Effective family support and returnship programs: Although many organizations have introduced a variety of parent and family support programs, these efforts have fallen short of expectations. It’s not enough for employers to allow paternal leave; they should positively encourage or even require it. Returnship programs from extended childcare leave must be made effective.
Promotion processes and equal pay: Promotion in many financial services organizations is not based on clear, objective and transparent criteria. Unconscious biases create disadvantages for female employees.
The Role of Leadership
Achieving gender balance is partly a matter of the firm’s culture, but it can also be advanced by concrete measures and structural solutions.
First, put an ExCo talent pipeline strategy in place: Meaningful change requires greater female presence on ExCos. Be prepared to expend political capital to shift in this direction. Put forward a more thoughtful approach to flexible working and family support initiatives: Getting this right is vital for helping women overcome the mid-career conflict and retaining them. Put forth a vision and an ambition and communicate it throughout the organization. Address the gap with flexible work (especially for mid-level or senior roles) and remove the stigma around using flexible work options. Get men and women to make equal use of parental leave. Find solutions to the returnship challenge and avoid a different view of women post-maternity.
The role of leadership is to look beyond the concrete steps and to assess the current state of their organizations. Start with the following: develop an Internal Labor Market map to understand how many women and men are being recruited and promoted and how many are exiting; perform a pay and progression gap analysis; benchmark your organization against the industry; seek honest feedback and assess culture to identify where unconscious bias exists.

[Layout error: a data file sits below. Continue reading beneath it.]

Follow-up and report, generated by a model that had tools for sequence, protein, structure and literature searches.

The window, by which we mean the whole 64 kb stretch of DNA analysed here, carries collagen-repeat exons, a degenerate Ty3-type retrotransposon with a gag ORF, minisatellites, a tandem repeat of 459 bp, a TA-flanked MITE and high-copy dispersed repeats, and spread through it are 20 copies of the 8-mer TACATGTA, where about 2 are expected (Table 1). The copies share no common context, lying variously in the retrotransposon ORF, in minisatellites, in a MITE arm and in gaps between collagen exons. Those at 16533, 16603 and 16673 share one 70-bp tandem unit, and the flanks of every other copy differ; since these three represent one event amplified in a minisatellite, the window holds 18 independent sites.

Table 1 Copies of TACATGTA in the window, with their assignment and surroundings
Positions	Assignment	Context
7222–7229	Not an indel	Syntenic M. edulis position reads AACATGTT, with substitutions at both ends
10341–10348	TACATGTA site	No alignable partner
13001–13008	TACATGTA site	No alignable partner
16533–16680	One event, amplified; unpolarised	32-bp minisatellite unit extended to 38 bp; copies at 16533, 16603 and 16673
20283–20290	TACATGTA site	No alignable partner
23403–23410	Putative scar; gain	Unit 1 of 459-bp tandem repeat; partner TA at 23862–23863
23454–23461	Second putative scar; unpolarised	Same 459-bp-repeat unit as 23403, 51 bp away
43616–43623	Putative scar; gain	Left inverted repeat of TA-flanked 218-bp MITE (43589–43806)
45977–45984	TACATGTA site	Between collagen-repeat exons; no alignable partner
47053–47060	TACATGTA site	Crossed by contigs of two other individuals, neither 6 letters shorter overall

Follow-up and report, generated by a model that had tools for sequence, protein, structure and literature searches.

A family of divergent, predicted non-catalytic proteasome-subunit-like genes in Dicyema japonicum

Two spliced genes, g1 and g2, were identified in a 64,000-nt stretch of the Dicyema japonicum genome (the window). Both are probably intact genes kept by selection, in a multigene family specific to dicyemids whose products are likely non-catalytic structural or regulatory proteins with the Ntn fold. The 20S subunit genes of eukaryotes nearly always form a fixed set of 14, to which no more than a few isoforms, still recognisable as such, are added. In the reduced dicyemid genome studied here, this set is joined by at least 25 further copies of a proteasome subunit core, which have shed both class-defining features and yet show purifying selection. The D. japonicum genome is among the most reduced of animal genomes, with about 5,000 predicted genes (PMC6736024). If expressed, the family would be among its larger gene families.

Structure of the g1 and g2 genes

In our previous report, we lamented “the pace of change is not fast enough.” That is still the case. The effort to improve gender balance in financial services needs to find a second wind, and it can.
In this report, we have identified the critical point in many women’s careers: the mid-career conflict, where the costs and benefits of a career in financial services seem to be out of balance for many. There are plenty of concrete actions that firms can take to improve the cost-benefit for women in financial services. The deep cultural transformations required have only just begun.